3 Things today — Pt. 12

1 thing: Compiling 64-bit GDB
2 : Analyzing how the heap could be brute-forced in this exploit.
3: Discovering that the address returned by malloc is consistent across runs, on different machines!! With different UTMPX file sizes!! AWESOME!! The stack doesn’t have to be brute-forced!!! I will over-write the LD linker thing to point to the UTMPX-Shellcode which is located in the heap offsetted by the recorded malloc return address entry and blam!! We are singing!! <3 3-2) in summary, if you have read access to the executable it can be copied and debugged to find the base malloc offset to aid in one-timing a heap-based overflow on a NX stack-based executable/OS. If the exe is not readable, but there is an executable stack, you're still in luck! And can execute directly into a giant NOP sled... Even if the exe is not readable, it can always become readable by installing an identical copy of the OS in your lab.. :) Another thing I double checked, ulab, blade72, blade60 all have the same exact copy of /usr/bin/sparcv7/w I expect the 64-bit version to be the same as well.. Solaris 10 doesn't seem to have the 32-bit W... Solaris 10 patch:

$NetBSD: patch-ob,v 1.1 2008/01/06 19:25:10 rillig Exp $

gcc4 complained:
gdbtypes.c:2961: error: invalid lvalue in increment

--- include/obstack.h.orig	2001-01-21 00:02:00.000000000 +0000
+++ include/obstack.h	2007-11-30 21:04:44.000000000 +0000
@@ -421,7 +421,7 @@ __extension__								\
 ({ struct obstack *__o = (OBSTACK);					\
    if (__o->next_free + sizeof (void *) > __o->chunk_limit)		\
      _obstack_newchunk (__o, sizeof (void *));				\
-   *((void **)__o->next_free)++ = ((void *)datum);			\
+   *((*(void ***)&(__o->next_free)))++ = ((void *)datum);		\
    (void) 0; })
 # define obstack_int_grow(OBSTACK,datum)				\
@@ -429,7 +429,7 @@ __extension__								\
 ({ struct obstack *__o = (OBSTACK);					\
    if (__o->next_free + sizeof (int) > __o->chunk_limit)		\
      _obstack_newchunk (__o, sizeof (int));				\
-   *((int *)__o->next_free)++ = ((int)datum);				\
+   *((*(int **)&(__o->next_free)))++ = ((int)datum);			\
    (void) 0; })
 # define obstack_ptr_grow_fast(h,aptr) (*((void **) (h)->next_free)++ = (void *)aptr)

1. Let’s compile GDB 5.3 (same as 32bit present on blade72) without intl errors:
export CC=”gcc -m64″
./configure –prefix=/home/bazz/tools –with-included-gettext –disable-nls
# on my Solaris 10 box:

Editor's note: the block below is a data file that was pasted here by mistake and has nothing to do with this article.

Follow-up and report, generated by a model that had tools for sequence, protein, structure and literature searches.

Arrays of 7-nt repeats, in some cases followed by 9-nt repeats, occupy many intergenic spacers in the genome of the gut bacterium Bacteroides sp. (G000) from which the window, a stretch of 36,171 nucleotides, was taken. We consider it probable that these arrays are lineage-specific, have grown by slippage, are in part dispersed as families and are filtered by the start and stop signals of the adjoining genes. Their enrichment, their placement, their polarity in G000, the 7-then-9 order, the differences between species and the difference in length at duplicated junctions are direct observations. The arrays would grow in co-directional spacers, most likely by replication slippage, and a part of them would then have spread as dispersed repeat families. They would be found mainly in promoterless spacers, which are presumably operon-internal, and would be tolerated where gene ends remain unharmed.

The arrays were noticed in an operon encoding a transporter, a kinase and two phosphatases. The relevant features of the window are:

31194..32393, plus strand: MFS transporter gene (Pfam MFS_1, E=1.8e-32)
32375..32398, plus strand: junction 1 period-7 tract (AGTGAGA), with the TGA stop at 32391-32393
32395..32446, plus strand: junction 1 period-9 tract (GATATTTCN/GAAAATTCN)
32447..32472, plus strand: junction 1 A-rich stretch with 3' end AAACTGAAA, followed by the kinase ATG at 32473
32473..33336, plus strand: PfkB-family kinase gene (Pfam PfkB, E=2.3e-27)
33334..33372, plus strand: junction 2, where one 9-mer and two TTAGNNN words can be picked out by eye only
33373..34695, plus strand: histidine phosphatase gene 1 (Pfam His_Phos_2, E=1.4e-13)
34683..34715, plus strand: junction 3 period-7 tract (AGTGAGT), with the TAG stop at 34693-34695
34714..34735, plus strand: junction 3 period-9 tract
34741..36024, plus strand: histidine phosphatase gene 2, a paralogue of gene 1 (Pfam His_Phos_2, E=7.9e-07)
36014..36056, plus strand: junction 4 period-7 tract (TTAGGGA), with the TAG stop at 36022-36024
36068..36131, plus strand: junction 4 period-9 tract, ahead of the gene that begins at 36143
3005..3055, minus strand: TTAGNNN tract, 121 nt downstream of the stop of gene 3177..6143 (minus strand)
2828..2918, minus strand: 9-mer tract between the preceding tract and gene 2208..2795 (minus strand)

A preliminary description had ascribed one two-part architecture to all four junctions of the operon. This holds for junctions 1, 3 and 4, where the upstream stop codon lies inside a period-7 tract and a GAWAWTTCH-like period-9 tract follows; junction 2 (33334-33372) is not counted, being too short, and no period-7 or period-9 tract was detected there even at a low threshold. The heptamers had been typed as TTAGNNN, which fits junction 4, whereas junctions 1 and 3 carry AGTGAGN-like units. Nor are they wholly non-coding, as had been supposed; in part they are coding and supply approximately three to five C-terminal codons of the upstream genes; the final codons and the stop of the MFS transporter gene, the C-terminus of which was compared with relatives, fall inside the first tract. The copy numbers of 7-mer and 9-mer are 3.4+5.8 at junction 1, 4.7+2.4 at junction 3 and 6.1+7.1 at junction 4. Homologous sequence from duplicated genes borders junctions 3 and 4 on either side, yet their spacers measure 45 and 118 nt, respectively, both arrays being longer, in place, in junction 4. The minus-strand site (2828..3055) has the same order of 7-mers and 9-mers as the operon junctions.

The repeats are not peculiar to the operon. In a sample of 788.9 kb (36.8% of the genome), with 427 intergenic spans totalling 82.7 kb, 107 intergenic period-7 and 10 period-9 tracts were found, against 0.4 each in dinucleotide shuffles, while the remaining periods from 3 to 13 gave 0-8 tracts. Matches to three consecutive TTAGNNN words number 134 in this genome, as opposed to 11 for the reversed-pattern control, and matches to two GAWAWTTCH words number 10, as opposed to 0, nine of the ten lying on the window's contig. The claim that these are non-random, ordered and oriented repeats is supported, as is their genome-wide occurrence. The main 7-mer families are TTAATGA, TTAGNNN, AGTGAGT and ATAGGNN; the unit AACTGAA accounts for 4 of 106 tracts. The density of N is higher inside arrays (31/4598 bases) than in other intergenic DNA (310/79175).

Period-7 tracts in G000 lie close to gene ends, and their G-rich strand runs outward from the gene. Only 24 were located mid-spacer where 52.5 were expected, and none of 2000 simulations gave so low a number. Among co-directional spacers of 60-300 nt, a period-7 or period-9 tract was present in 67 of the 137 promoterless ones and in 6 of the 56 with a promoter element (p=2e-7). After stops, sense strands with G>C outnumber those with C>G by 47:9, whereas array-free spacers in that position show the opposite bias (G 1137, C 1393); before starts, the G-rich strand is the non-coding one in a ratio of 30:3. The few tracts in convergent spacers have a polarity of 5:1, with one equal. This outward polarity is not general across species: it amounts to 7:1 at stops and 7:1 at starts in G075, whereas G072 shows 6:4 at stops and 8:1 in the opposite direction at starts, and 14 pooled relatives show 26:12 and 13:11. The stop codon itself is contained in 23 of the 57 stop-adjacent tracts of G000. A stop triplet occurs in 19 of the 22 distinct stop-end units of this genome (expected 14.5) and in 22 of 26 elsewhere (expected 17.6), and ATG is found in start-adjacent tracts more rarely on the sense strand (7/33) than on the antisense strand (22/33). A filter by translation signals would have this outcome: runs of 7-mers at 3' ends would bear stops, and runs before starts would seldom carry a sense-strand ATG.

ln -s /opt/csw/bin/gar /opt/csw/bin/ar

3: Analysis of Heap address space in 64-bit version vs. 32 bit.. and across machines…


Mapped address spaces:

          Start Addr           End Addr       Size     Offset   Flags
         0x100000000        0x100003fff     0x4000          0 ----r-x
         0x100102000        0x100103fff     0x2000     0x2000 ----rwx
         0x100104000        0x10011bfff    0x18000          0 --b-rwx
  0xffffffff7ef00000 0xffffffff7ef01fff     0x2000          0 ----rwx
  0xffffffff7f000000 0xffffffff7f003fff     0x4000          0 ----r-x
  0xffffffff7f100000 0xffffffff7f101fff     0x2000          0 ----rwx
  0xffffffff7f200000 0xffffffff7f2b5fff    0xb6000          0 ----r-x
  0xffffffff7f3b6000 0xffffffff7f3c3fff     0xe000    0xb6000 ----rwx
  0xffffffff7f3c4000 0xffffffff7f3c5fff     0x2000          0 ----rwx
  0xffffffff7f500000 0xffffffff7f501fff     0x2000          0 ----rwx
  0xffffffff7f600000 0xffffffff7f62dfff    0x2e000          0 ----r-x
  0xffffffff7f72e000 0xffffffff7f731fff     0x4000    0x2e000 ----rwx
  0xffffffff7fffc000 0xffffffff7fffffff     0x4000 0xffffe000 -s--rw-

(gdb) p/x $o0
$1 = 0x100115c00

$o0 is malloc return pointer in heap space..


(gdb) p/x $o0
$4 = 0x30770
(gdb) info proc map
process 14893 flags:
PR_STOPPED Process (LWP) is stopped
PR_ISTOP Stopped on an event of interest
PR_RLC Run-on-last-close is in effect
PR_FAULTED : Incurred a traced hardware fault FLTBPT: Breakpoint trap

Mapped address spaces:

        Start Addr   End Addr       Size     Offset   Flags
           0x10000    0x13fff     0x4000          0 ----r-x
           0x22000    0x23fff     0x2000     0x2000 ----rwx
           0x24000    0x33fff    0x10000          0 --b-rwx
        0xff280000 0xff32bfff    0xac000          0 ----r-x
        0xff33c000 0xff343fff     0x8000    0xac000 ----rwx
        0xff370000 0xff371fff     0x2000          0 ----rwx
        0xff380000 0xff383fff     0x4000          0 ----r-x
        0xff390000 0xff391fff     0x2000          0 ----rwx
        0xff3b0000 0xff3dffff    0x30000          0 ----r-x
        0xff3e0000 0xff3e1fff     0x2000    0x30000 ----rwx
        0xff3e2000 0xff3e3fff     0x2000          0 ----rwx
        0xffbee000 0xffbeffff     0x2000          0 -s--rwx


I found that on 64 bit address, the offset returned by malloc from heap_start is 0x11C00.
Whereas on 32 bit, it was 0xC770.. No correlation there I don’t thnk..

If so, we can reliably predict where in the heap our SHELLCODE UTMPX ENTRY resides :D

I just tested on Blade72 vs. Blade71. Although they are very similar machines, they both start up the heap at the same spot!! <3 Ulab also does its heap at teh same spot.. So does blade60.. 0x30770 Of course, I am debugging these binaries without the SUID bit set.. I copied them into my home directory.. I wonder if the thing would stay the same with it set??? I also note that the Sparcv7 binary of W has it's stack space NX by default! regardless of system setting?? The 64bit malloc base address is the same on blade72 and ulab as well.. 0x100115c00 Geeze :D -- with this ability to debug the program being consistent across to the SUID execution (will be checked on LIFE).. then that means holy cow!! <3 We can have an NX heap-based execution of shellcode that is 100% reliable :D

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